About this Research Topic
State-of-the-art radiation oncology technology is offering ultra-precise dose-delivery and target-definition, and has paved the path for (re-) introducing high-dose regimens in the clinics. By now, an array of clinical studies have demonstrated that the intensified high-dose radiotherapy (HD-RT) regimens typically delivered by Stereotactic ablative Body Radiotherapy (SABR) is resulting in unprecedented high rates of local tumor control, often reaching levels comparable to surgical resection. Due to the proven clinical success of high-dose RT regimens, SABR is increasingly applied to primary and secondary lung tumors, liver tumors and spinal metastases. Beyond its intended use for local tumor ablation, HD-RT has also gained status as a therapeutic option that, in conjunction with systemic treatment strategies, may be used for metastatic and recurrent disease.
HD-RT differs substantially from standard protracted 2 Gy-regimens, and is generally defined as treatment regimens with high-dose per fraction (5-30Gy) in few fractions (1-5). These definitions are inaccurate and too broad in biological terms, since exerted effects may differ considerably between different RT-regimens within those margins. Additionally, fraction intervals and total dose are relevant parameters that could influence the biological responses to HD-RT. Thus, in biological terms, the current application of SABR has not reached a point of optimized refinement.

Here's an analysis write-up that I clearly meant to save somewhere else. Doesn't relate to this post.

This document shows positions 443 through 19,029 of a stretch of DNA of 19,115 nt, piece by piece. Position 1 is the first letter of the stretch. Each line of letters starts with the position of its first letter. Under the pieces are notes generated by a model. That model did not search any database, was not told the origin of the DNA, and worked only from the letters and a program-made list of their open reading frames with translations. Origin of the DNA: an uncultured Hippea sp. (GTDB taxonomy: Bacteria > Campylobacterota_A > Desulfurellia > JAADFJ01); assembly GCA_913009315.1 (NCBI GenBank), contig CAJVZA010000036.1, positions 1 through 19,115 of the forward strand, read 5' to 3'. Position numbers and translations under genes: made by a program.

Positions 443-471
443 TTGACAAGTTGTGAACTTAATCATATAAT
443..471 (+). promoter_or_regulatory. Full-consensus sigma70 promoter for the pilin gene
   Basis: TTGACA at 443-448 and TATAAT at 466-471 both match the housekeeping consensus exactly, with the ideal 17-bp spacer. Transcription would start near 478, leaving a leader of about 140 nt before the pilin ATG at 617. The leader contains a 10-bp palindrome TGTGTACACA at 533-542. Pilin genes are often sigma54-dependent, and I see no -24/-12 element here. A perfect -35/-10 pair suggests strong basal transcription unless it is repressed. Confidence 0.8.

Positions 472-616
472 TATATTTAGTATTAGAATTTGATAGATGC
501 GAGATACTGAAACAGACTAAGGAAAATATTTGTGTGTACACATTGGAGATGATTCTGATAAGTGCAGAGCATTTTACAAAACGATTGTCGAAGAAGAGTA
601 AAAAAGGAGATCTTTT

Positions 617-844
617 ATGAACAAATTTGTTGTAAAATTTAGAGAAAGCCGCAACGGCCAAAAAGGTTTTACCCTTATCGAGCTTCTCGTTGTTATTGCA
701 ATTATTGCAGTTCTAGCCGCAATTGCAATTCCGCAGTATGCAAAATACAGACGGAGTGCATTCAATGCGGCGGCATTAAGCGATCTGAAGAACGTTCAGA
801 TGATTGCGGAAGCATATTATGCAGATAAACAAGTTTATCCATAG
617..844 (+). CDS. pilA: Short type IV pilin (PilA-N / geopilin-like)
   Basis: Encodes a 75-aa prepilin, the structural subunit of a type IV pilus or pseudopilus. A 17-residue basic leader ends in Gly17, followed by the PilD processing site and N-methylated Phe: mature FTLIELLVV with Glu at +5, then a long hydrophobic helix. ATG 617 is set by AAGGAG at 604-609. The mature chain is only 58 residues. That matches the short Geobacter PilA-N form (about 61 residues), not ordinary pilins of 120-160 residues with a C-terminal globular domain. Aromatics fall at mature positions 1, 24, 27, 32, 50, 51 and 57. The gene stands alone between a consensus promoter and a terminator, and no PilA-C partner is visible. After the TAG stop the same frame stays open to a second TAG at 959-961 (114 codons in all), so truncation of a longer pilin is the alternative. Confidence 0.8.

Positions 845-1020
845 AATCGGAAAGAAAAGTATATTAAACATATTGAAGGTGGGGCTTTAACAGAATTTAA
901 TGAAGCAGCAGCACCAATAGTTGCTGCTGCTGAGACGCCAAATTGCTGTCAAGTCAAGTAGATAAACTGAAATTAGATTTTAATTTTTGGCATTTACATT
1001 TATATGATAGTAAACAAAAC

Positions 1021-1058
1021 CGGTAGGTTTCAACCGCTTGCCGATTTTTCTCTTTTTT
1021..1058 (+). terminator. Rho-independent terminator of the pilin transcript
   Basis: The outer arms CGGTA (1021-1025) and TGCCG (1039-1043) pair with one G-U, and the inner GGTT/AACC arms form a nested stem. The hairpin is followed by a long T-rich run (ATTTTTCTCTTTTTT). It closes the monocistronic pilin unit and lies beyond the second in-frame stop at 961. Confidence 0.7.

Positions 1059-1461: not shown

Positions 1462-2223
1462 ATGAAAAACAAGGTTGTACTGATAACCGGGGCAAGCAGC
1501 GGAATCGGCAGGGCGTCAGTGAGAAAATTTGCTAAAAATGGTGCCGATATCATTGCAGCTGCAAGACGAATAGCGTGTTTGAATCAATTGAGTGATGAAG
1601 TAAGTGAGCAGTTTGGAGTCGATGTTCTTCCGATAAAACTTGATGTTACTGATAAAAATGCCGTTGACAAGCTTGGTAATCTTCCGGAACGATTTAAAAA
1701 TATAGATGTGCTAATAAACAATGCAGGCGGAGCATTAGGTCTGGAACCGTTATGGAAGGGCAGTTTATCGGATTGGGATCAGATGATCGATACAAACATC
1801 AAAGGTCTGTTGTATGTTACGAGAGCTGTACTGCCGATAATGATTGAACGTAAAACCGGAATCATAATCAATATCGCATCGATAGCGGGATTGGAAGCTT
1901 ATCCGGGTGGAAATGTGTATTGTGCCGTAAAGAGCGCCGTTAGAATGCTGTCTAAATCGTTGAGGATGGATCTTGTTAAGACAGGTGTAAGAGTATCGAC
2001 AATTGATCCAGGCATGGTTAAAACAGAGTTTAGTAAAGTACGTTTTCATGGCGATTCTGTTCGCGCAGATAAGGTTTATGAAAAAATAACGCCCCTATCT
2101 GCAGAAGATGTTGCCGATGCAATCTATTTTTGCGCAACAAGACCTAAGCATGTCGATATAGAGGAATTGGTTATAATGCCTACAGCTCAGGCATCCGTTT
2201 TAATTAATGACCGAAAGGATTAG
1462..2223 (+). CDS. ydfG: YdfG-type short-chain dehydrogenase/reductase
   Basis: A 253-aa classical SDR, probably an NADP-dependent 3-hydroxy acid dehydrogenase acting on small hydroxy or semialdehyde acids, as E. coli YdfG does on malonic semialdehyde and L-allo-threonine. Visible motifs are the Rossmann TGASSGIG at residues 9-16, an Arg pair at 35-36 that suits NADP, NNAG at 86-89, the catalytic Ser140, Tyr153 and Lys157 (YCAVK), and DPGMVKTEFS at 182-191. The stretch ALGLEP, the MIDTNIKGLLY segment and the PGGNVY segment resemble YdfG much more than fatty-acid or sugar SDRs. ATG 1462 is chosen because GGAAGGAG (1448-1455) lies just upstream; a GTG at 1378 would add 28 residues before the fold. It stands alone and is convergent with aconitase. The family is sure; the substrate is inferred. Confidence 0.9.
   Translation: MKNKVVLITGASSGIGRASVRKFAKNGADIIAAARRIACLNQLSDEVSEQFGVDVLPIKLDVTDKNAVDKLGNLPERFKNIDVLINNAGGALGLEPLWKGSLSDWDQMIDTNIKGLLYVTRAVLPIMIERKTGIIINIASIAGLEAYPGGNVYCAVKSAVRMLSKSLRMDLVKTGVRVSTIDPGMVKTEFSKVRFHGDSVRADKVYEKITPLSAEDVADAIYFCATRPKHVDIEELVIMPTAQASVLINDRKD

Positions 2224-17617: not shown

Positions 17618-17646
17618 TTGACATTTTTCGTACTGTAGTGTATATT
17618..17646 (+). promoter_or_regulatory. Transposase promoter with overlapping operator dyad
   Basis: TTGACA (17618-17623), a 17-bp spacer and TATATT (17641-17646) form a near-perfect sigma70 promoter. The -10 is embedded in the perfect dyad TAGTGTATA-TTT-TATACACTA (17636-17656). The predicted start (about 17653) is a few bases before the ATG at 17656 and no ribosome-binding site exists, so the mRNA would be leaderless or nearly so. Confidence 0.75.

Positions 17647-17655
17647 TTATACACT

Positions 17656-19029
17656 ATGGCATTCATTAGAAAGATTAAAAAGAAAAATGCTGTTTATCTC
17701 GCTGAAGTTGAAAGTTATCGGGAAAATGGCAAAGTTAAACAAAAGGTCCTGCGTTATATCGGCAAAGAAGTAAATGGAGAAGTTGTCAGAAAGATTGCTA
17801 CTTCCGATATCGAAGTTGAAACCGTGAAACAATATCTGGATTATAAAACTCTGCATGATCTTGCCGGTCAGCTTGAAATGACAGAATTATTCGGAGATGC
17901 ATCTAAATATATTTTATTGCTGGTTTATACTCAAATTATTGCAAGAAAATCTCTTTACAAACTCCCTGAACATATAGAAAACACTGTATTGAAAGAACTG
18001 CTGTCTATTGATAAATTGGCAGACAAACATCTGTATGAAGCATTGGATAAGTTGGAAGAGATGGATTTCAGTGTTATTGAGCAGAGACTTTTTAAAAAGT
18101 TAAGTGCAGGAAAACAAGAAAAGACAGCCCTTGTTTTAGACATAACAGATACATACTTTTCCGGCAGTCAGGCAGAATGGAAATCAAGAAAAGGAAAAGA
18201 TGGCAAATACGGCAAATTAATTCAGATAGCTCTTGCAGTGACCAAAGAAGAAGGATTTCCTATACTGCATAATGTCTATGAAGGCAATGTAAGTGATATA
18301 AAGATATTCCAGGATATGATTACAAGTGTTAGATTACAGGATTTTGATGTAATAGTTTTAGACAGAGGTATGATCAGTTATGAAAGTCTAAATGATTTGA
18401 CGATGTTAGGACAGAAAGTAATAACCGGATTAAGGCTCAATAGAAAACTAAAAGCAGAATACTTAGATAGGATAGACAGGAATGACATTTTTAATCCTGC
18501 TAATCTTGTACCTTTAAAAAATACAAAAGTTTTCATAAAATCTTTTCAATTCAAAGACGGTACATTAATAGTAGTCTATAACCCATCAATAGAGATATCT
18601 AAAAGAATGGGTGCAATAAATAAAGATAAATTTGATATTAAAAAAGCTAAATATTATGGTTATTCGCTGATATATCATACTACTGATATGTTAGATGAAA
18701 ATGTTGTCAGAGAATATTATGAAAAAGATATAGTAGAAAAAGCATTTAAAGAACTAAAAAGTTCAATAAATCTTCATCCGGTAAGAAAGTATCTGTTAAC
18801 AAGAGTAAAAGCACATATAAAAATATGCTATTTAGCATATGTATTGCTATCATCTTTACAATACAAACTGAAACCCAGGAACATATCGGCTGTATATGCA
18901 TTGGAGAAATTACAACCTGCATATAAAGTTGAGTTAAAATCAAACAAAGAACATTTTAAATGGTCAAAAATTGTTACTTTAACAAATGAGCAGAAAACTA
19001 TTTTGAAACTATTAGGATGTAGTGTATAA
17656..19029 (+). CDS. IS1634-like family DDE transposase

In this research topic we aim at gathering experiences and opinions of scientists dealing with HD-RT in order to systematize existing knowledge and to fine-tune HD-RT as a new treatment modality. This is a mandatory step to find optimal regimens that render maximal tumor control and minimal toxicity. Furthermore, this research topic should consider also the combination of HD-RT with chemotherapy, targeted therapies or immunotherapy. Emphasis should be put on details such as threshold-doses, single versus oligo-fractions, fraction intervals and total radiation dose. The biological spectrum covered should be as wide as possible, including immunological responses, but also effects induced in vasculature, tumor stroma, inflammatory cells, patterns of hypoxia, and so on. Ideally, scientists from different disciplines should contribute to this research topic in order to combine knowledge coming from clinical observations, experimental animal research and in vitro cell culture research.
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